As soon as I set foot on Lisbon’s streets, I was hit with an overwhelming sense of déjà vu. Despite the fact that it was my first time in Portugal, the hilly lanes, the bayside views and the rickety streetcars of the city, all seemed so familiar. It didn’t take long for me to realize that this sensation of retracing my steps, was due to the uncanny parallels between Portugal’s capital and California’s Golden City–San Francisco.
With its charming neighborhoods, its oceanfront views and its sailboats gliding gently in a natural harbor, I often felt as though, by traveling to Lisbon, I was rediscovering America’s City by the Bay (albeit a Europeanized version, of course).
Lisbon even has the 25 de Abril Suspension Bridge–similar in shape, size and color to the Bay Area’s famous Golden Gate.
I spent two days in Lisbon after my short visit to northern Portugal’s enchanting and character-filled town of Porto.
As the country’s two preeminent cities, Lisbon and Porto are both equally captivating and deserving of their international renown. Yet, I found the towns to be incredibly different from one another. While fairytale Porto has the gritty exterior of a working-class town, cosmopolitan Lisbon is elegant, regal and packed to the brim with palaces, monasteries and castles.
Since returning from Portugal, countless people have asked about my impressions of the two cities and have wondered which I find more worthwhile. And honestly, I don’t know. For, as a shopkeeper in Porto tried to explain to me in broken English, it is impossible to choose.
Porto is the country’s offbeat soul, she explained, but the City on Seven Hills is its undeniable heart.
Like many great European cities, I found that the best way to explore Lisbon, was to follow my feet through the city’s charming neighborhoods. Setting out from my hostel near Marques de Pombal, I walked down the Avenida da Libertade to Rossio Square. From there, I wandered the sleepy backstreets of Baixa Chiado and the Alfama–taking in the pastel houses, the narrow alleyways and the Gothic Santa Justa Elevator.
Due to its hilly topography, Lisbon has many viewpoints from which to admire the city’s attractive architecture. Particularly notable among them, are the Viewpoint of Santa Catarina, the Miradouro de Sao Pedro de Alcantara and the Miradouro das Portas do Sol.
Perched atop one of Lisbon’s many hills, the fortified Castle of Sao Jorge is one of the city’s most emblematic sites. The gardens surrounding the castle offer some of the most photogenic birds-eye panoramas of Lisbon’s red-roofed houses and azure sea. In addition to providing some of the best and most uninterrupted views of Lisbon, the castle is a well-preserved example of Moorish architecture. Entrance to the Castle of Sao Jorge costs €8.50 and includes access to a small archeological site that lies adjacent to its walls.
After touring Lisbon on foot and getting my bearings of the city, I spent the evening walking along the shop-lined Rua Augusta. Filled with outdoor cafes, hole-in-the-wall pastry shops and plenty of handicraft stores, the popular pedestrian drag that leads to the grand Praça do Comércio is a great place to shop, sample food and watch the world go by.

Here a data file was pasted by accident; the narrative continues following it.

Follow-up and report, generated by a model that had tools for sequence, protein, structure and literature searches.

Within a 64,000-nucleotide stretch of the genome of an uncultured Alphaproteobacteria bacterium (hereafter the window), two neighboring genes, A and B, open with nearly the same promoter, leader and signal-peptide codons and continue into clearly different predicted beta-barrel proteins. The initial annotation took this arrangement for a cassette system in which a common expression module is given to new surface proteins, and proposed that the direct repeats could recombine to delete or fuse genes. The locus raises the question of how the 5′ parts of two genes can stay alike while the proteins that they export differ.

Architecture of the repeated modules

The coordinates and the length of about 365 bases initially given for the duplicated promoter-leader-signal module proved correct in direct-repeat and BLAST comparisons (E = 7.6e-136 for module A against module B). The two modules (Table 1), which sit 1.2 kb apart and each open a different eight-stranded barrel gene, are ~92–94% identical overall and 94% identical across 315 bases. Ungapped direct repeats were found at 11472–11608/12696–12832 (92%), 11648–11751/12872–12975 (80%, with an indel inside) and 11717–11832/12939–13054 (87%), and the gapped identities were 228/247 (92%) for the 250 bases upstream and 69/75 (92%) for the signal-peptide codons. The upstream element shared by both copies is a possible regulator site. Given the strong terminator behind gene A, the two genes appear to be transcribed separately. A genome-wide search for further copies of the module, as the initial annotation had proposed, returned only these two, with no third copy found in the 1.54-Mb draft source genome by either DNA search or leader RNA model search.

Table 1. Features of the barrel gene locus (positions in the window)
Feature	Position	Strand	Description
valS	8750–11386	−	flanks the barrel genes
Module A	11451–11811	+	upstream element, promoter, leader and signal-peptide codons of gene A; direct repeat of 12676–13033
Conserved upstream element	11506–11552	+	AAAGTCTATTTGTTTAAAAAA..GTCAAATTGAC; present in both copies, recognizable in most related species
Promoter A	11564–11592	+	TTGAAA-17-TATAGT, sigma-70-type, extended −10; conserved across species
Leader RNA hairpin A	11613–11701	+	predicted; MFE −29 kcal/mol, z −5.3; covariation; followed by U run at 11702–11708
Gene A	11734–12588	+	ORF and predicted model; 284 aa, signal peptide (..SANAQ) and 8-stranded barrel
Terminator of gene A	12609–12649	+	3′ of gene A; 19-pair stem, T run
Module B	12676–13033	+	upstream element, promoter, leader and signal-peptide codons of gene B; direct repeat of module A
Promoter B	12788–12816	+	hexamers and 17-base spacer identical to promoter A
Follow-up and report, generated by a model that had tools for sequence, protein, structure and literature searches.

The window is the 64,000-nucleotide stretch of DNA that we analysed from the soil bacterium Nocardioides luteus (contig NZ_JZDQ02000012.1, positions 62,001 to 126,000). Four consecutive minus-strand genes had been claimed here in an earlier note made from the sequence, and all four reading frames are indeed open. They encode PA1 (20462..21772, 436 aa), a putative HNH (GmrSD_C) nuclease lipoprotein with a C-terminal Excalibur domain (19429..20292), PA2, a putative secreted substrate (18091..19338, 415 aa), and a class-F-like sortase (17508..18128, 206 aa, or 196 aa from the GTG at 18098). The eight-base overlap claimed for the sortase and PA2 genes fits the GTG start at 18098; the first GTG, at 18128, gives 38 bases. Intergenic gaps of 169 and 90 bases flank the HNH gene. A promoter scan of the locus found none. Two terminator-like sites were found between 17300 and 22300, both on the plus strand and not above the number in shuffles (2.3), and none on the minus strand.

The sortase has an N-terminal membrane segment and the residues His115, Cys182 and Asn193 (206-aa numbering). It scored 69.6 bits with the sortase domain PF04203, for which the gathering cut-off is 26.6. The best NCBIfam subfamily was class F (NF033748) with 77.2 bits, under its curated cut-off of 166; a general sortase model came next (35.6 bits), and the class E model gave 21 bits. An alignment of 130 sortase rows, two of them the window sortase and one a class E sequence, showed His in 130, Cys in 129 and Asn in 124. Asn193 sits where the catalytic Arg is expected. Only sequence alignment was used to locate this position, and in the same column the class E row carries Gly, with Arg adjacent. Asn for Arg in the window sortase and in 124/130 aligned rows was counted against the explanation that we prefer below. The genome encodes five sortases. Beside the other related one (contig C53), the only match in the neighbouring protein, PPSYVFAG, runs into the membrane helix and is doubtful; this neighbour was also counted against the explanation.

When I finally retired to my room after a full day of sightseeing and conquering steep uphill climbs, I’d logged 30,000 steps on my phone and had legs made of jello.
On my second day in Lisbon, I ventured from the city center toward Belém–a suburb situated along the Targus River. Dazzling, culturally resplendent and uniquely significant in Portuguese maritime history, Belém is chock-full of World Heritage Sites and monuments recalling Lisbon’s seafaring past.
It is home to some of Lisbon’s most coveted attractions, as well as its most beloved custard tarts.
Belém is the place from which explorers set sail on their voyages of discovery. It is from here that Portuguese navigators–including Vasco da Gama and Ferdinand Magellan–expanded Europe’s world map and established Portugal as the world’s greatest sea power.
The Padrão dos Descobrimentos statue was constructed in the mid-1900s to commemorate the explorers who charted the roads of the sea from these shores. It stands 52 meters high, towering over the Targus River.
Near the Monument of Discoveries, the Jerónimos Monastery and the Belém Tower round out the triad of must-see sights in the area. The Jerónimos Monastery is one of the most prominent examples of Portugal’s Manueline-style architecture. In 1983, it was classified a UNESCO World Heritage Site, along with the nearby Tower of Belém.
The monastery dates back to the late 15th century. Commissioned by King Manuel I, it was donated to the monks of Saint Hieronymus so that they would pay spiritual assistance to those who left Lisbon’s shores in search of the New World.
I did not enter the monastery, for the line was rather long when I wished to visit. But nonetheless, the exterior of the UNESCO-recognized monastic complex wowed me with its intricate spires, its ornate windows and its wedding-cake appearance.
Near the Jerónimos Monastery, Lisbon’s Tower of Belém looks out over the boat-speckled harbor. Perched at the end of a narrow walkway that juts out of Belém’s esplanade, this architectural gem is surrounded on all sides by water.
With my small bag of perfectly flaky Pastéis de Belém in hand, I sat near the Manueline tower and looked out at the waters of the bay. From my vantage point, I could see the details in the towering monument. Beyond, I could see the imposing 25 de Abril Bridge, the lands across the Targus and sailboats gliding about the waters of the natural harbor.
And I imagined what it must have been like to set sail from this point–traversing the open waters and encountering some of the world’s great landscapes and civilizations– back in the day when the Earth was flat.